August 15, 2013 | 5:43 pm
Posted by Jeremy Fine
Fifteen years ago was my last summer at Camp Ramah (as a camper at least). I have returned to camp since my days as a camper; including six summers as staff along with visits to show my wife a little slice of the Judaism that resonates with me the most. This year I returned to Conover, Wisconsin as a rabbi for the very first time. Camp Ramah, referring to the camp in Wisconsin (although I am sure the other camps as well), is a place where Judaism and Jewish education are at their finest.
This summer I visited to four Jewish summer camps, all great in different ways. Some excel in Ruach (spirit) and others in the ability to allow Jewish kids to be openly Jewish, make Jewish friends, and if we are lucky marry a Jewish spouse. These are all great attributes and certainly beneficial to Jews everywhere. And while it’s not the most popular thing to say or write, and often rabbis shy away from this topic, I feel the overwhelming need to promote Camp Ramah inside my synagogue, especially as a Conservative Rabbi and Jew.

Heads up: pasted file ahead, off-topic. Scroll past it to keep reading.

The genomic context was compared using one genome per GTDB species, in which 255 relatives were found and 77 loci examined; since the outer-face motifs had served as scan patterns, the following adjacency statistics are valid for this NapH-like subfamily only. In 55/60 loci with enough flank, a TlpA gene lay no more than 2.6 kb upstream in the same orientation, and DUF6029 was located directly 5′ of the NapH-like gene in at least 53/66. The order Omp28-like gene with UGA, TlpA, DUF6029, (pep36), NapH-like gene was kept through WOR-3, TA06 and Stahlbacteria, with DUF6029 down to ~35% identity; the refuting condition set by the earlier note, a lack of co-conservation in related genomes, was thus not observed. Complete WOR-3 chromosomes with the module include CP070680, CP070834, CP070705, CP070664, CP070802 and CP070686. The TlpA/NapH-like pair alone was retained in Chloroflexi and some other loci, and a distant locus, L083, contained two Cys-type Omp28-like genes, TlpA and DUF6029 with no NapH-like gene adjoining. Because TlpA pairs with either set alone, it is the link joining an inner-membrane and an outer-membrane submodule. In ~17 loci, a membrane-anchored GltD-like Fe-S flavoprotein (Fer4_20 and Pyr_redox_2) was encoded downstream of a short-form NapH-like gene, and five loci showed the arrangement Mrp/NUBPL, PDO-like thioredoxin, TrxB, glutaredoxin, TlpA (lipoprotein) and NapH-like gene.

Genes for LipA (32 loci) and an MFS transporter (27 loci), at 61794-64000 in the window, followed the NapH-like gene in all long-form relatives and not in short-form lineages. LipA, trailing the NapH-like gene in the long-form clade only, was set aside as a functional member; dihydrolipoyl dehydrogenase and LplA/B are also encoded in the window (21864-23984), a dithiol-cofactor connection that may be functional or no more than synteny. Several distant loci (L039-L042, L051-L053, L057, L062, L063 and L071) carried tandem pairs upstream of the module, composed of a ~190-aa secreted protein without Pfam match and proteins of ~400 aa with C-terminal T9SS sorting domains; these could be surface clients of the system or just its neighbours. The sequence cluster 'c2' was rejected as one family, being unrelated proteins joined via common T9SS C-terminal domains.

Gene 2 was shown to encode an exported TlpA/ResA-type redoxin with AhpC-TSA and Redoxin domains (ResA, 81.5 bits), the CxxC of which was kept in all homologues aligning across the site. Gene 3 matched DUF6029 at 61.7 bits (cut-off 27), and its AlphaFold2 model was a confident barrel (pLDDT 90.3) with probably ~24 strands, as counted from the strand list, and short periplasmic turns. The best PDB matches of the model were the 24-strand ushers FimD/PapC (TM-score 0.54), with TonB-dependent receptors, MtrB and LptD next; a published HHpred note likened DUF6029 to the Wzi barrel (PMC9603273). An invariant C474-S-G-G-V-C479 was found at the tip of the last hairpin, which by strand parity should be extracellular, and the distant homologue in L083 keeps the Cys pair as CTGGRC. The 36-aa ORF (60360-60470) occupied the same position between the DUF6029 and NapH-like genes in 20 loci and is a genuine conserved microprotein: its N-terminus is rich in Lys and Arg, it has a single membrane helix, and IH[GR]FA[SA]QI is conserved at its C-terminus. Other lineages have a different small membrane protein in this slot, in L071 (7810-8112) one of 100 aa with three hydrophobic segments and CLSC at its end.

The fact is, Ramah is not a camp for just the religious or studious. I was neither of these things before I went to Ramah or during my time there. Ramah was suggested to me by my Rabbi in several forms, including the bimah. Some of my friends attended as well, so it became a natural fit. Ramah does more than give young campers or counselors Jewish friends. It provides them with Jewish answers and tools to live Jewishly in the real world. At Ramah, campers and staff learn, not just in text classes, but by osmosis and real conversations. On Saturday night during my recent visit I sat with over 100 campers and staff who gave up their free time to sing zemirot (Jewish songs) together. And while this was happening I was able to find a bit of Kavannah (spiritual intention) in my own life, something not always easy for the day-to-day rabbi to conjure up. I realized that Ramah serves as the answer to Conservative communities, especially families and clergy invested in Jewish education, to the struggles of how to best educate our children and excite a synagogue.